Almost a year and a half into the pandemic, the best and worst places to be in the COVID-19 era are increasingly defined by one thing: normalisation.
Central to that is an economy’s openness to the world, and that’s why we’ve introduced a new element—Reopening Progress—to Bloomberg’s COVID-19 Resilience Ranking.
Two new metrics capture the ease of moving in and out of a place and how much air travel has recovered, alongside our 10 other measures tracking mortality rates to infection counts, freedom of movement to economic growth.
This pivot has ushered in dramatic changes to the ranks. The U.S. is now No. 1, with its fast and expansive vaccine rollout, dominated by the highly effective Messenger RNA shots, stemming what was once the world’s worst outbreak.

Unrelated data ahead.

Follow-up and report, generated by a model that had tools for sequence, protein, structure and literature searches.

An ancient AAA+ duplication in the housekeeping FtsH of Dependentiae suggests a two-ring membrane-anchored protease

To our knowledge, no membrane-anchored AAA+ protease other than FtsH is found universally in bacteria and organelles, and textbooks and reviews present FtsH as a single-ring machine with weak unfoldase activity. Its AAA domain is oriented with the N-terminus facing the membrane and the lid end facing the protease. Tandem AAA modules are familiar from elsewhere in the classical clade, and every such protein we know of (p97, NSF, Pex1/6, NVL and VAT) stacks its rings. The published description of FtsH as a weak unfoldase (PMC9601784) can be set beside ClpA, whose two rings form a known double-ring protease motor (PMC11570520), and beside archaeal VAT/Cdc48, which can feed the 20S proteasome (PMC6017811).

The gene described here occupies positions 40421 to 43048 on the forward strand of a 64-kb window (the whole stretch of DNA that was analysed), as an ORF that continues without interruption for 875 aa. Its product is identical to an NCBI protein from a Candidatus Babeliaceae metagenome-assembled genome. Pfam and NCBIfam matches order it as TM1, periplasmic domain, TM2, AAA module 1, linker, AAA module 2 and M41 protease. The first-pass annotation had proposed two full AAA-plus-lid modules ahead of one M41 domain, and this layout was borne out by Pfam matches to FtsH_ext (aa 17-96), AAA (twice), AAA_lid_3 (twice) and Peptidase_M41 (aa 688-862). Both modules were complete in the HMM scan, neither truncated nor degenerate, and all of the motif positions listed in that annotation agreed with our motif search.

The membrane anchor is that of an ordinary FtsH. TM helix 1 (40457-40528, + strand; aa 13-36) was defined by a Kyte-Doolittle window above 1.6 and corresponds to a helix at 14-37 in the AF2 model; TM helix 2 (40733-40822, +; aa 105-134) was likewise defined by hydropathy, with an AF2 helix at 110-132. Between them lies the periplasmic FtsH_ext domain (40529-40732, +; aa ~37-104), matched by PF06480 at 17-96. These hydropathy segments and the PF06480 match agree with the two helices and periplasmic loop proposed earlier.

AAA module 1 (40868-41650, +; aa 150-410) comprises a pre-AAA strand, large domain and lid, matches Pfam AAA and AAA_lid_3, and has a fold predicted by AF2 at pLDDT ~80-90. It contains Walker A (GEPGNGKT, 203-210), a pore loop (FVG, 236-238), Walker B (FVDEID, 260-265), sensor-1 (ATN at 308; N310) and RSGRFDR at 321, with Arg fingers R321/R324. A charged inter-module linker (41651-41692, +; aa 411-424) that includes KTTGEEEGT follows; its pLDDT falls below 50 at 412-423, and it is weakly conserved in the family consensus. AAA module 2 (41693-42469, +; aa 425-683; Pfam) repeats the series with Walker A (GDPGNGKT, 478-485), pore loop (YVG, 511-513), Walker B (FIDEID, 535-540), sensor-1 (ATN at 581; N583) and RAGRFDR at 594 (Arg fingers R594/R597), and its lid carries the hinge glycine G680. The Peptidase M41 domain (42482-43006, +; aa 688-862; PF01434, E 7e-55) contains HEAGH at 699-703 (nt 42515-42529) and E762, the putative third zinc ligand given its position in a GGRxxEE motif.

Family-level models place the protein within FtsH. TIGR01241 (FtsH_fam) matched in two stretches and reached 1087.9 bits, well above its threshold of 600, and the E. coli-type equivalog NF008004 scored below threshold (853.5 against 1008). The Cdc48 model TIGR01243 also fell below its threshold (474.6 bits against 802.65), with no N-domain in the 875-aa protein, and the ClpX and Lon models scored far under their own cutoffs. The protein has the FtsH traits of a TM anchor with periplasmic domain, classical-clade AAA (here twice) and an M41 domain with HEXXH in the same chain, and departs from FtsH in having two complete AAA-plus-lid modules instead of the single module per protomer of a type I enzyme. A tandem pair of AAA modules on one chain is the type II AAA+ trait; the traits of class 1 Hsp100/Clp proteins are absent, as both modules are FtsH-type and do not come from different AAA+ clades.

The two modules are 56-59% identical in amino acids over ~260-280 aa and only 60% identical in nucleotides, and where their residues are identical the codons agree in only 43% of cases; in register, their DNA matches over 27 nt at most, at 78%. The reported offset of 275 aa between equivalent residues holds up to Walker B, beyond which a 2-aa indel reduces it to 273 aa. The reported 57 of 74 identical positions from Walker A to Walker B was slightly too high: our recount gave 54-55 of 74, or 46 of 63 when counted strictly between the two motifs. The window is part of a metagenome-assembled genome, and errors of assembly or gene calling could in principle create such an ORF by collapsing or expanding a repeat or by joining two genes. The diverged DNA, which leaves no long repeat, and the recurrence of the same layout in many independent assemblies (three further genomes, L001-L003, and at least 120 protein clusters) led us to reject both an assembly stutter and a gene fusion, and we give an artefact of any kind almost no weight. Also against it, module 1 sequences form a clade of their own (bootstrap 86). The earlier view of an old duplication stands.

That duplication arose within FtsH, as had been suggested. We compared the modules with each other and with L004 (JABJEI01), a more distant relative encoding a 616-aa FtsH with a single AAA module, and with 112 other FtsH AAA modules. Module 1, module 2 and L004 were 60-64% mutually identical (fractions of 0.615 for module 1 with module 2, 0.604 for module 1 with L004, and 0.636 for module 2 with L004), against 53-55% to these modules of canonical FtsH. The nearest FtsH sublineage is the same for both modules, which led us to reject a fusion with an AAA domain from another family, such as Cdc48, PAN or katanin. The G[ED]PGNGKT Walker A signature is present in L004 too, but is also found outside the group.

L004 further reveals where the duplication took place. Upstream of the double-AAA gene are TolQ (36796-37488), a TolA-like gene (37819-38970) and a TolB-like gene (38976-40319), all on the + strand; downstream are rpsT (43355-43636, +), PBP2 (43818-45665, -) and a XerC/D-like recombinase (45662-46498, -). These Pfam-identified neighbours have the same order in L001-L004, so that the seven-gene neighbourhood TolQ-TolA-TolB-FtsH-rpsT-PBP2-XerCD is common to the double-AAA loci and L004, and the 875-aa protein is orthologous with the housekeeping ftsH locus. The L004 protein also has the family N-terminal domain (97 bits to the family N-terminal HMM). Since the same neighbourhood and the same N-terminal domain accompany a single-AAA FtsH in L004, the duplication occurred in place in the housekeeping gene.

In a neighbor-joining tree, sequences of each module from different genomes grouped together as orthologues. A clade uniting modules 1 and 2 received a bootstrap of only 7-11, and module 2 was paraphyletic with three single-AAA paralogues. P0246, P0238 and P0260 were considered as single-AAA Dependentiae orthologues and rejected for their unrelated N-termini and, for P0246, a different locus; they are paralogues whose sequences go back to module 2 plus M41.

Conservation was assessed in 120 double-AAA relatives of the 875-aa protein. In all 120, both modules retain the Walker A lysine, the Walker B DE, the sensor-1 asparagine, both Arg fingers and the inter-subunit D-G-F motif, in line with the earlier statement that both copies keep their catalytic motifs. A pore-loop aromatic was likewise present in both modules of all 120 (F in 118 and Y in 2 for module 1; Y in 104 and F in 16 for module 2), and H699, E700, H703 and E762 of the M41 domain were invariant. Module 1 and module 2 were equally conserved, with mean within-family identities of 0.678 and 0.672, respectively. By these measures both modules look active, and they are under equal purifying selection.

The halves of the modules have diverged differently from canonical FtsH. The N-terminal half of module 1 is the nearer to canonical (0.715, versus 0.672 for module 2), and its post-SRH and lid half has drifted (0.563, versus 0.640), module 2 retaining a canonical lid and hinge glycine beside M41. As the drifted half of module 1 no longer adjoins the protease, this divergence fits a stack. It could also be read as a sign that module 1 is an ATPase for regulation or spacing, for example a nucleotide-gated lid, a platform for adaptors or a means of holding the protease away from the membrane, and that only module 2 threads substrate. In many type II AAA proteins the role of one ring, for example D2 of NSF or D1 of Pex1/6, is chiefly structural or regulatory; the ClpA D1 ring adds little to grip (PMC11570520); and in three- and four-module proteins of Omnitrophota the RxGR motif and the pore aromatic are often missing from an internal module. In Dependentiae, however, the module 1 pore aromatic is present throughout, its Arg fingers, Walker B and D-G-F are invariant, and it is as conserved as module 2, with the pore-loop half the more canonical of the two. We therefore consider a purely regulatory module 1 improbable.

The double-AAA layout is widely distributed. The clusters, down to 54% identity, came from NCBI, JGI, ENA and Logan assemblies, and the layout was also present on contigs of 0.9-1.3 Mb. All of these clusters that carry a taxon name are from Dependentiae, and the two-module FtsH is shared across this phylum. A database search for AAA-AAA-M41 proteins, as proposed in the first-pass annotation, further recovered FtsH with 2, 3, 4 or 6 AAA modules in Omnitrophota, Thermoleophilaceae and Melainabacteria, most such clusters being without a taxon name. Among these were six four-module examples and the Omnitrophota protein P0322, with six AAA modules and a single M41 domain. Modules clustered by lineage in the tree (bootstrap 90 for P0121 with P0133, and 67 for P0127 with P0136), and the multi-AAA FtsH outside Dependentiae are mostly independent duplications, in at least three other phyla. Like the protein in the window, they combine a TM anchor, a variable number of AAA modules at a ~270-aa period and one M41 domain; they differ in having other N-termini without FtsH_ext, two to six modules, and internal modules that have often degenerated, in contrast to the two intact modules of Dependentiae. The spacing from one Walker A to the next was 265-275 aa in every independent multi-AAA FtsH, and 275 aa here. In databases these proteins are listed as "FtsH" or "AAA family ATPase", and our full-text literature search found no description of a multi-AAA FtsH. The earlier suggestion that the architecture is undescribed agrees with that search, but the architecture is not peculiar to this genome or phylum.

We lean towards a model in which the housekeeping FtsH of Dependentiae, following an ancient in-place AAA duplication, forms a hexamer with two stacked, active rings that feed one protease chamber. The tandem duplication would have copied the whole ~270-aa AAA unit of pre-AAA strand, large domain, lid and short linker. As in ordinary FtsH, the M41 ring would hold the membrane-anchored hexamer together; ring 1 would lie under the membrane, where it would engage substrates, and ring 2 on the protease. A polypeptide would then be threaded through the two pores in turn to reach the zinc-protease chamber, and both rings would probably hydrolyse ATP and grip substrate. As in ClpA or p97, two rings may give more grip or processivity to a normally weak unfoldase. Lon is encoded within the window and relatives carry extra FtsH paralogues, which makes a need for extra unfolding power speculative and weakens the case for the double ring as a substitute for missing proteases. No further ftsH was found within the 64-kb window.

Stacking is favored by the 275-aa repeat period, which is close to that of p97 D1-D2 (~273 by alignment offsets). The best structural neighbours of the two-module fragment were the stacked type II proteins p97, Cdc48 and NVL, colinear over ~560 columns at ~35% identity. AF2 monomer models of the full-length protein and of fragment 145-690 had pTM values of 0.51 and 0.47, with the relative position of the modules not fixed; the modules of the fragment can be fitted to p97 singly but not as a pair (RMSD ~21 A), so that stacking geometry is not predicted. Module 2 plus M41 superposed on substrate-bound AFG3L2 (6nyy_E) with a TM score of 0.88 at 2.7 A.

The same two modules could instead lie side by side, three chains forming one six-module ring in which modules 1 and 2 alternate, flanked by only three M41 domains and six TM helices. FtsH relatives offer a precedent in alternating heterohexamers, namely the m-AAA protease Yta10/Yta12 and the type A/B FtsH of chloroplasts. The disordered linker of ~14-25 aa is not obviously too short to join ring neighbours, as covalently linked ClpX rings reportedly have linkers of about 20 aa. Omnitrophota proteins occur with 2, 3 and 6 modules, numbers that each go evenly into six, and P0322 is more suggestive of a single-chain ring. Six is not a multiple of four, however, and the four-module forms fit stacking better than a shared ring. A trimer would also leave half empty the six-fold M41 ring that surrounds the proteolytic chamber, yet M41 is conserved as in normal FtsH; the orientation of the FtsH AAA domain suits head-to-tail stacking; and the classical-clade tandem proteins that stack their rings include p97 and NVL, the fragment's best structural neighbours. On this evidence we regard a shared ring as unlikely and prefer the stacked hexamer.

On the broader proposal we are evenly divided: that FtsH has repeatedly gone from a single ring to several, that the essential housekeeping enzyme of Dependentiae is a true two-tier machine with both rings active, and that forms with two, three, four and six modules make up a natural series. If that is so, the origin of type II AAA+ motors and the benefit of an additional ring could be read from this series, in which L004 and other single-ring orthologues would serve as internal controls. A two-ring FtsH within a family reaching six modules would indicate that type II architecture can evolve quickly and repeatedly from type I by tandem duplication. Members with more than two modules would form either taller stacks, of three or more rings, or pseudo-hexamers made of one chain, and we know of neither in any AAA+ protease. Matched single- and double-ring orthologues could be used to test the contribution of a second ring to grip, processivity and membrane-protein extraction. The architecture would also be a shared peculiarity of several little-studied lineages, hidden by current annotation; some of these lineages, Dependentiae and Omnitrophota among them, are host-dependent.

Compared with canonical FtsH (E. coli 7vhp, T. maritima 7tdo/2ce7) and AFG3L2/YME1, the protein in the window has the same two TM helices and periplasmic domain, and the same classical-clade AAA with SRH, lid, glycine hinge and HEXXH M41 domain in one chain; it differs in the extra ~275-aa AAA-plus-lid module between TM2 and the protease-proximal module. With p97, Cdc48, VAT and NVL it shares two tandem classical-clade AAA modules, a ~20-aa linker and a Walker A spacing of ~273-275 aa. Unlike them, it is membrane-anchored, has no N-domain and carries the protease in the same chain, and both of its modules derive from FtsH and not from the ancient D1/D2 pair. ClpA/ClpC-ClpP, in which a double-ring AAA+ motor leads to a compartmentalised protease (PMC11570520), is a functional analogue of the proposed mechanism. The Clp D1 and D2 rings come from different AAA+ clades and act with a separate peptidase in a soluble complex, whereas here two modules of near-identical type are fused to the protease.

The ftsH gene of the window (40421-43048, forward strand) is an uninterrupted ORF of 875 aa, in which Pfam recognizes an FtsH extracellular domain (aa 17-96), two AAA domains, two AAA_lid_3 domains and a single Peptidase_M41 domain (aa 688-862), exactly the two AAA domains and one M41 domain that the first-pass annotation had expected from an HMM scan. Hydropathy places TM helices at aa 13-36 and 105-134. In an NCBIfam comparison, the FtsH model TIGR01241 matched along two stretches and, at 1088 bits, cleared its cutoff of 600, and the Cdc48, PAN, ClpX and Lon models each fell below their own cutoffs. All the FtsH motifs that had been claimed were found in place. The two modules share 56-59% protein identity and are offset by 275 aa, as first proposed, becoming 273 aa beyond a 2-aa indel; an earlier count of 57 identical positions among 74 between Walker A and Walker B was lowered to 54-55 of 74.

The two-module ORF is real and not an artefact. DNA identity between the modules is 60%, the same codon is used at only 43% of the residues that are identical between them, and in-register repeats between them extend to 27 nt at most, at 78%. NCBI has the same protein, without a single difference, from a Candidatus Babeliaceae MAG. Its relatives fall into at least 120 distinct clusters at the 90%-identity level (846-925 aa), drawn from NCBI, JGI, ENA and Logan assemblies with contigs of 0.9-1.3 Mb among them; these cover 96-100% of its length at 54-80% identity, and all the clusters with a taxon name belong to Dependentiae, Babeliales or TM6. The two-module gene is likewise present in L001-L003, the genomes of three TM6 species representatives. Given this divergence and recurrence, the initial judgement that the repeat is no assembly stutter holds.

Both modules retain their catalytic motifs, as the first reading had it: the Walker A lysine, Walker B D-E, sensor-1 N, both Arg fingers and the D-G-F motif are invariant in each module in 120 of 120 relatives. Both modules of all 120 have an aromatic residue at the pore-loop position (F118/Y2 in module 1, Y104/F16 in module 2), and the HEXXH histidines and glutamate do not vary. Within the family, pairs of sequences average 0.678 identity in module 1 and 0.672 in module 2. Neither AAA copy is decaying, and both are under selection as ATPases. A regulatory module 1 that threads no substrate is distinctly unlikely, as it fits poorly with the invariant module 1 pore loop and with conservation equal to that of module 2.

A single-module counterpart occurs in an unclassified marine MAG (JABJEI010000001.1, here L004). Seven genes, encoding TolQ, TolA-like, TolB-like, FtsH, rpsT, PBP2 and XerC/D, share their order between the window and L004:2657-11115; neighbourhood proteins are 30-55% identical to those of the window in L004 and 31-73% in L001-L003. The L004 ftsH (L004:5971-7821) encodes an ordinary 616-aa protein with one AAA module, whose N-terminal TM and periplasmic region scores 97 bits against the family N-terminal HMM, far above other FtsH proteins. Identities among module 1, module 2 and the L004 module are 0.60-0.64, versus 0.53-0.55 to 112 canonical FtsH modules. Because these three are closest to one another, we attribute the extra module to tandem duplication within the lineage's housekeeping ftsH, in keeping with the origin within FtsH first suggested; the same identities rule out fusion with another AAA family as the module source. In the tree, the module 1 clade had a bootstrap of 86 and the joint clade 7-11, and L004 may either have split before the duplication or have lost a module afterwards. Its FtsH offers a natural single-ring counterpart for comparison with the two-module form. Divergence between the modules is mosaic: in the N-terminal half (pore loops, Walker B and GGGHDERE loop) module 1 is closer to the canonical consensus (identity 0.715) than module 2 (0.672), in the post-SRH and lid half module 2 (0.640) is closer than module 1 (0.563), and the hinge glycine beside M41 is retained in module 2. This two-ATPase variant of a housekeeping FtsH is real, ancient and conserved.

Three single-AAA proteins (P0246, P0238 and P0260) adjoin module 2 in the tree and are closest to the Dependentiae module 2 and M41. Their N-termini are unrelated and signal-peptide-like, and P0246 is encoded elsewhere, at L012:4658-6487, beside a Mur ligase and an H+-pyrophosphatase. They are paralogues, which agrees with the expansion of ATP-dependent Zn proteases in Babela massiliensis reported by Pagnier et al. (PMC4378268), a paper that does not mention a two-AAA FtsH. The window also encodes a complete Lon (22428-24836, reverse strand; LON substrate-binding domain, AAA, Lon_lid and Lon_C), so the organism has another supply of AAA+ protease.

Bloomberg’s COVID-19 Resilience Ranking provides a glimpse of how the pandemic is playing out in 53 major economies right now.
By pivoting more toward opening up and the revival of global travel, we also provide a window into how these economies’ fortunes may shift in the future as places exit the pandemic at different speeds.
It’s not a final verdict—it never could be, given the imperfections in virus and vaccine data and the fast pace of this crisis. Circumstance and pure luck also play a role, but are hard to quantify.
New variants of concern, which will continue to emerge as outbreaks rage in the developing world, are also a wild card: scientists fear mutations that can overcome existing vaccination and drive a new phase of the pandemic, Bloomberg wrote.